cover image Living the Beatles Legend: The Untold Story of Mal Evans

Living the Beatles Legend: The Untold Story of Mal Evans

Kenneth Womack. Dey Street, $50 (592p) ISBN 978-0-06-324852-6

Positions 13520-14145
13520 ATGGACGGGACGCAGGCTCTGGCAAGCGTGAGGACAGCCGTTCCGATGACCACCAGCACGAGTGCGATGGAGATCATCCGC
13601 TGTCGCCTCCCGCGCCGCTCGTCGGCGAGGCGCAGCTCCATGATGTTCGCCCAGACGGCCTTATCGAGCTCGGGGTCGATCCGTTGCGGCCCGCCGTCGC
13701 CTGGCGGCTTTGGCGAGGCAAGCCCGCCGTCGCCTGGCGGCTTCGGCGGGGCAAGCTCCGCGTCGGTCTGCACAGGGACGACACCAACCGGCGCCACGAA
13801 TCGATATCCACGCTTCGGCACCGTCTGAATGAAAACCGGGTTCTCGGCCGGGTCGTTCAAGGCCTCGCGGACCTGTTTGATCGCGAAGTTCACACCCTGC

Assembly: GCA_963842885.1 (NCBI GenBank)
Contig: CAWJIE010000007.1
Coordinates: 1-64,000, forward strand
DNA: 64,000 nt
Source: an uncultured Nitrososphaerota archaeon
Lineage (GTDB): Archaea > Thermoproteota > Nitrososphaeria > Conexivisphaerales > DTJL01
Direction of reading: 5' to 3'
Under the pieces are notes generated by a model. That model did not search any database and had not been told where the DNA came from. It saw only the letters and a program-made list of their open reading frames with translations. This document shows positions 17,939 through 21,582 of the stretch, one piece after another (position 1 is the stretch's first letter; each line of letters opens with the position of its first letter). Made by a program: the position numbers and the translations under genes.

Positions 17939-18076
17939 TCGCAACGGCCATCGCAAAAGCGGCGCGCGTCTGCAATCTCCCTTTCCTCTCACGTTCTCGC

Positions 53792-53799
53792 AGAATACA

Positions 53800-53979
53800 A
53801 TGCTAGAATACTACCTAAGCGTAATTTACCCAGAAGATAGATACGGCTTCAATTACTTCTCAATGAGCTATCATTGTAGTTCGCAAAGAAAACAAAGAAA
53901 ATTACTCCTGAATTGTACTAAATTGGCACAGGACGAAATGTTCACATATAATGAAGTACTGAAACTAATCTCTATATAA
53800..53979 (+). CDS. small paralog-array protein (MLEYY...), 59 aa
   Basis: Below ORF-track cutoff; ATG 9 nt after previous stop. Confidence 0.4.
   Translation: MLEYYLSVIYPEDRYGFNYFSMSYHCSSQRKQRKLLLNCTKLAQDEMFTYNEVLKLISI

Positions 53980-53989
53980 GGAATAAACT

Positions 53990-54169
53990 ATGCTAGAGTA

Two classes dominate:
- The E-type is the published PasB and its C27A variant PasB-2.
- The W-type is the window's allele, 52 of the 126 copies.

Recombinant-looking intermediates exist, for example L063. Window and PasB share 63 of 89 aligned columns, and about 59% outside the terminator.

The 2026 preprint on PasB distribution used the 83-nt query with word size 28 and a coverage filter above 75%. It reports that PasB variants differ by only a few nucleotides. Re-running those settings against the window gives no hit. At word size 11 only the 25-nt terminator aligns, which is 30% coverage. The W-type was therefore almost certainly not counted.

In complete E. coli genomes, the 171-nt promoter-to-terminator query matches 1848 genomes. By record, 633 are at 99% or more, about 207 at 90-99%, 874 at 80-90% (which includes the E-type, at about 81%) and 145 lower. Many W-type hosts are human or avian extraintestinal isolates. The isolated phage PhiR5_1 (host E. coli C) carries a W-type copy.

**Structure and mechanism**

Biographer Womack (John Lennon 1980) provides an exhaustive chronicle of Beatles’ road manager Malcolm Evans, from his days as a patron of Liverpool’s Cavern Club, where the band got their start, to globe-crossing tours with the Fab Four between 1963 and 1966. Evans became the group’s road manager in 1963 and adopted a jack-of-all-trades role: cameoing in promotional videos; singing harmonies on recordings; briefly serving as managing director at Apple Records, the label the Beatles formed in 1968; and even co-writing such songs as 1967’s “Fixing a Hole” with Paul McCartney, though he didn’t receive credit or royalties. After the band’s 1974 breakup, Evans managed John Lennon, George Harrison, and Ringo Starr and nursed dreams of becoming “a star in his own right,” though his life came to a tragic end at age 40 when he was shot by the police during a domestic disturbance. Womack’s account is full of thrilling moments—the 1973 theft of Harrison’s prized guitar “Lucy” and Mal’s efforts to get it back being a highlight—even if it’s sometimes bogged down by minutiae (every broken guitar string seems recorded) and the author’s fawning hyperbole (“For the Beatles themselves, the highlight of the European sojourn was the Italians’ wide-eyed wonder at the image of colossal Mal lugging their equipment”). Still, devoted fans of the band will find much to cheer about. (Nov.)